The Ardent Leisure Group (ASX:AAD) share price fell 25% over the past week, after the company’s first half results revealed weaker revenues and sharply lower profits. Here are some of the things that jumped out at me:
- Revenue fell 5% to $317 million
- Net profit after tax (NPAT) was a loss of $49 million, compared to profit of $22 million in prior half
- Core earnings (a measure of ongoing profitability) fell 58% to $13 million
- Loss per share of 10.5 cents per share
- Dividends of 2 cents per share, down from 7 cents previously
- Outlook for continued Main Event rollout and continued single-digit revenue growth here
- Dreamworld expected to recover over time, while growth in bowling segment expected to continue
It was a tough six months for Ardent, with a mixed performance all around. A $90 million write-down of the value of Dreamworld dominated the results, partly offset by a $45 million profit on the sale of the Health Clubs segment. An agreement to sell the Marinas division was also struck during the half, and that sale is expected to finalise by June 2017.
Dreamworld revenues were, of course, heavily down following the tragic accident there late last year. The Australian bowling segment performed well, with constant-centre revenue rising 4.1% even though total earnings fell due to closure for refurbishment. Ardent’s program of transitioning its Australian bowling alleys into multi-attraction entertainment centres, similar to its U.S. Main Event offering, appears to be working.
Unfortunately, the Main Event business itself doesn’t appear to be performing so well, with same-centre revenues falling 2.9% during the half. Management attributed this to a weak casual dining environment, increased competition with mature centres, and the ‘opening of new Main Event centres in existing core markets to dominate the territory‘. The fact that these new openings impacted constant-centre sales presumably means that new centres are competing for business with existing ones, which is not ideal.
While Main Event centres appear an attractive investment, with an average Earnings Before Interest, Tax, Depreciation and Amortisation (EBITDA) return of 30% after the first year, the initial signs of weak performance are concerning, given how important Main Event is to Ardent going forwards:
As we can see here, Main Event is now the biggest part of the Ardent business and will become even more important in the future. Also, management attributed the weak same-centre sales to a variety of external factors, not factors that are within the company’s control. The impact of competition at this stage suggests Main Event doesn’t have an offering that is unique.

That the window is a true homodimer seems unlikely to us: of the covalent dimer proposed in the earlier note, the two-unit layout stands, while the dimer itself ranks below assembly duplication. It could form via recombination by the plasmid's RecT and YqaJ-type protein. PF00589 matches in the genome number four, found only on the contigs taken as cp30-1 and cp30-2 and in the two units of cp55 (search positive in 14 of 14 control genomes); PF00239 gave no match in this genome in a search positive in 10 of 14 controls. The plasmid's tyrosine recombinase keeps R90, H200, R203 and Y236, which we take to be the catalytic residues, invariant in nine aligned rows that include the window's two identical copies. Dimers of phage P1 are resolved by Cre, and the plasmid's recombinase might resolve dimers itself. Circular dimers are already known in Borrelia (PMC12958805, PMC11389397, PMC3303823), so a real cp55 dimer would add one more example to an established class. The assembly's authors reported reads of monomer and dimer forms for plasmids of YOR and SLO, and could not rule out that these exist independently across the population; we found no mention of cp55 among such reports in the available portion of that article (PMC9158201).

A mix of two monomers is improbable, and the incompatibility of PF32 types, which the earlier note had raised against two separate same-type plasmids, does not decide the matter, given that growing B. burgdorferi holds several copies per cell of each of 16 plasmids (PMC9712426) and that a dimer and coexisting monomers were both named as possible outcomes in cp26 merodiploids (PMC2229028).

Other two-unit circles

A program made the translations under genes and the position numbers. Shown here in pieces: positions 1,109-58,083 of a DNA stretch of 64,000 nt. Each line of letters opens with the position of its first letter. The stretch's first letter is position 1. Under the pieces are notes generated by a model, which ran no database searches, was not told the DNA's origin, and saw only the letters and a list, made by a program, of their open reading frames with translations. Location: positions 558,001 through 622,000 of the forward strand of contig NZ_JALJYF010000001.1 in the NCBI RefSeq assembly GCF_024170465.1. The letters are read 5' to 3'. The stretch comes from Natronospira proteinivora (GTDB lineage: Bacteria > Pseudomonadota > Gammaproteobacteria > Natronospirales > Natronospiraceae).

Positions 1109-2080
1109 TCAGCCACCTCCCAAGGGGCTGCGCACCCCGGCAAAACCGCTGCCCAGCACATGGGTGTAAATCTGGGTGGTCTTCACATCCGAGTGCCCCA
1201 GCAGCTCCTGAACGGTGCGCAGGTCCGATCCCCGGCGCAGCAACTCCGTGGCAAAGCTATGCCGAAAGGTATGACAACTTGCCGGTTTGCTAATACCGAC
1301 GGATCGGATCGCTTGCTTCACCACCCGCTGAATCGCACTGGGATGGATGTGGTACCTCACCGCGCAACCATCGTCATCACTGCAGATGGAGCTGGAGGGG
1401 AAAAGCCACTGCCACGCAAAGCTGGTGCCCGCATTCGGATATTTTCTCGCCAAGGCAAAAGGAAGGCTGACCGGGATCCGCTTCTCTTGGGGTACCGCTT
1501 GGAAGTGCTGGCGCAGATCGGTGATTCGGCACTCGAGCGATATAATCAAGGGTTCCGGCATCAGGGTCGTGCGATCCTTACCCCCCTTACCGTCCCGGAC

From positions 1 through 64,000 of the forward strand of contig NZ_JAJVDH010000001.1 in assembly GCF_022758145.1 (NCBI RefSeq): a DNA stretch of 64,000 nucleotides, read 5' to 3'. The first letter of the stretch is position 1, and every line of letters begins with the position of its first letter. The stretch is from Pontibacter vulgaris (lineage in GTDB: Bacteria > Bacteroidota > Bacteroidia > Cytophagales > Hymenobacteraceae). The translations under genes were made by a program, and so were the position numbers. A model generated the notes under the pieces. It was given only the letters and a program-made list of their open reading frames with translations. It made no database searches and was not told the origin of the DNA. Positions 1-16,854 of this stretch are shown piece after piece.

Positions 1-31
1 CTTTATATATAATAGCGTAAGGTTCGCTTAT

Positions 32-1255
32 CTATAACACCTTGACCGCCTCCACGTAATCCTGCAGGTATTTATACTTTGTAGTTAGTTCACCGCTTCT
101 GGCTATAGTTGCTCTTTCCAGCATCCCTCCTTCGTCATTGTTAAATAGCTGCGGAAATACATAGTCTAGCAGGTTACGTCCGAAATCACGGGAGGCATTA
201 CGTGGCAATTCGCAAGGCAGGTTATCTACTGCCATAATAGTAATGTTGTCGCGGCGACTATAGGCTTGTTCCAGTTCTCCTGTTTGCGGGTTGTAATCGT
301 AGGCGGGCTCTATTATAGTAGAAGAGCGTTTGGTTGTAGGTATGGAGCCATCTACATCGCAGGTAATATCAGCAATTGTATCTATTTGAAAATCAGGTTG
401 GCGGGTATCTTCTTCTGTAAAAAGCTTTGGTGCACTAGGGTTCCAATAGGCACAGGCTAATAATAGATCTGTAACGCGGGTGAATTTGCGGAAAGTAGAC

With the divestment of its Health Club and Marinas divisions, Ardent will have a much stronger balance sheet and the financial flexibility to pursue its Main Event rollout throughout the USA. Other businesses like Event Hospitality and Entertainment Ltd (ASX: EVT), and indeed Ardent itself, have shown in the past that well-managed yet low-margin entertainment businesses can deliver attractive returns to shareholders.
Yet with Ardent’s wagon being pulled by Main Event and that business underperforming, it’s not a surprise to see that shares have plunged over the past few days. At $1.60 however, Ardent shares are now below the $1.70 price where I told myself I would investigate the company closer – so you might read more from me on Ardent in the coming weeks. For now however, I don’t think it is a standout business.
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Motley Fool contributor Sean O'Neill has no position in any stocks mentioned. The Motley Fool Australia has no position in any of the stocks mentioned. We Fools may not all hold the same opinions, but we all believe that considering a diverse range of insights makes us better investors. The Motley Fool has a disclosure policy. This article contains general investment advice only (under AFSL 400691). Authorised by Bruce Jackson.
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